But what next? To return to the quotes concerning Panikkar above, there is this idea of Christ as the Supername. So how might this look to non-Christians?
As mentioned, some Buddhists see Christ as a Bodhisattva, one who has attained a degree of insight into the deep truths of reality and a kind of spiritual stability, yet who forgoes attaining full and perfect enlightenment to find a way to assist all sentient beings to be rescued from their suffering and delusion as well. It is in fact this act of solidarity which is the final aspect of attaining total enlightenment, as our own fate is bound up with that of all others. In the Mahayana tradition a Buddha may thereafter assume different bodies and forms to continue teaching and inspiring and even to create a realm where aspirants can be reborn to further their own journeys to enlightenment.
It is easy to see why the Gospels would look very much like the story of a Bodhisattva to many contemporary Buddhists -- his ministry of love, healing and justice (the acts of a Bodhisattva staying to help people), his sacrifice on behalf of all people through his crucifixion (the method by which all people can be saved), and his subsequent resurrection (appearing in forms many former disciples didn't recognize at first) and ascension (transcending our limited grasp of reality). For Buddhists, Buddhas are even above and revered by the gods. So in their own way, such Buddhists are giving Christ the highest kind of position of respect and influence in their worldview.
The same is true of many atheists and agnostics, who see Jesus as one of the wisest and most compassionate teachers of all time, which is again the highest kind of honor they can bestow in their view of the world. The same can be said of those adhering to many other philosophies and religions. But, some will say, it isn't enough for Jesus to be a Bodhisattva or a wise healer, that's not what I believe! My religion says he was more than that!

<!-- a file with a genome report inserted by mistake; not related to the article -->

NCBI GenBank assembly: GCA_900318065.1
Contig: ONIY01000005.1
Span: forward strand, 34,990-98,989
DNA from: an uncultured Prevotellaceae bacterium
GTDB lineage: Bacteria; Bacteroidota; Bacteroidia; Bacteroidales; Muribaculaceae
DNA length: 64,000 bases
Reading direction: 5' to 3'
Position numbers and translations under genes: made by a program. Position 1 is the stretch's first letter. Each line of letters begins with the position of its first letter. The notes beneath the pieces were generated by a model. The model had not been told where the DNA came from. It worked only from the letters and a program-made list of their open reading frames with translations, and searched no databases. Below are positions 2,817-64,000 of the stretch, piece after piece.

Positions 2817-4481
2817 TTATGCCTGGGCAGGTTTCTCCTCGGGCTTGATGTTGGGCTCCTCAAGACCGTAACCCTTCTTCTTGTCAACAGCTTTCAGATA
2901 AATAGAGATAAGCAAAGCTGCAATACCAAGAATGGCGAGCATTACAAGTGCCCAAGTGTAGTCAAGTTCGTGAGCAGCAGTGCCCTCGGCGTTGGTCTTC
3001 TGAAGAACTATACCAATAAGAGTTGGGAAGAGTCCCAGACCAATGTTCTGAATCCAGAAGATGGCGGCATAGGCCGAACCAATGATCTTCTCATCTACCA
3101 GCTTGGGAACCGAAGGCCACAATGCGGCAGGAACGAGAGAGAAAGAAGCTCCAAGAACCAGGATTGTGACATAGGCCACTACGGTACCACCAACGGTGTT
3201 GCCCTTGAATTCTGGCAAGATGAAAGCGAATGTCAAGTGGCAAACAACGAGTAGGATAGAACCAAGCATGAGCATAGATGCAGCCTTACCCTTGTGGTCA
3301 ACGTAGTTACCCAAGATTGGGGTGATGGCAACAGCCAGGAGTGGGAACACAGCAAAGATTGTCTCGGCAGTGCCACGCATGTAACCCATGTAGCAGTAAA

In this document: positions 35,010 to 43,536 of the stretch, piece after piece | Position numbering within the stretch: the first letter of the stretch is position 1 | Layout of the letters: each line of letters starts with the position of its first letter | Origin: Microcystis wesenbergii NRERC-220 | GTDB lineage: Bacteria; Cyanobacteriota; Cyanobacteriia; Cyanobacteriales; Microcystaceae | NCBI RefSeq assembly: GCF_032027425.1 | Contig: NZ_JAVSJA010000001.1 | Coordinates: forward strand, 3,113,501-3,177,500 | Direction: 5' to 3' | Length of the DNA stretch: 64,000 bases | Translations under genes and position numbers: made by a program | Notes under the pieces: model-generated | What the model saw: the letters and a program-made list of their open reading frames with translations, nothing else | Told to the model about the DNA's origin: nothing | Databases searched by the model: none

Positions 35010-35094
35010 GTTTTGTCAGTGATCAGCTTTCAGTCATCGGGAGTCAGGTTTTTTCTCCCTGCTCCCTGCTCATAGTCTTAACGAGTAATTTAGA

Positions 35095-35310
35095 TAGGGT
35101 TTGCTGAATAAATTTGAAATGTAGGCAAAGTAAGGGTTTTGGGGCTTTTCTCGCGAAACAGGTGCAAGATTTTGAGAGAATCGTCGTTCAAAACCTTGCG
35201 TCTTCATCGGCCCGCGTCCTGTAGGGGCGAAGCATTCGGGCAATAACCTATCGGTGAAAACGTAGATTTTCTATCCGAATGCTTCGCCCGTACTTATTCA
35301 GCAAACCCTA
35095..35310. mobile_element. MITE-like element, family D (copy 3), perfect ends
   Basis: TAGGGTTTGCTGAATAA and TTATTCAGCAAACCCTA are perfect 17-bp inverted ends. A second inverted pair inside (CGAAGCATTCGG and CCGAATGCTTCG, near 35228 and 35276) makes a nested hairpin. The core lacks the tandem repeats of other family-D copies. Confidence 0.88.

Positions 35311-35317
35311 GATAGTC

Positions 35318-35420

Yet here again we must consider that given these people are Hindu, atheist, Wiccanversa. We see the same color spectrum, but we divide it up and label it differently. What is the point of complaining that people are experiencing the same spectrum of the divine but dividing it up and labeling it differently?
If St. Paul is correct, these non-Christians are observing an "unknown God" , yet neither they nor we should think of God as being limited to "an image made by man's design and skill." Nor should we judge them as "you who pass judgment on someone else, for at whatever point you judge the other, you are condemning yourself, because you who pass judgment do the same things." After all, they all have the potential to hear the same divine inspiration in their hearts, even if they use different words, images and stories to understand and express it.
This is where true interfaith dialogue and religious pluralism begin, being open to the insights of your sacred tradition and avoiding self-limitation and not assuming that salvation comes only from your take on theology and the church. For Christians means deeply pondering what "being Christian" really means. For other religions and philosophies this applies as well -- what does being a Jew or a Buddhist really mean?
It is in this way that we may find a unity that permits diversity, respecting the differences without having to eliminate them. This is not only fair, nor even just possible, this is essential.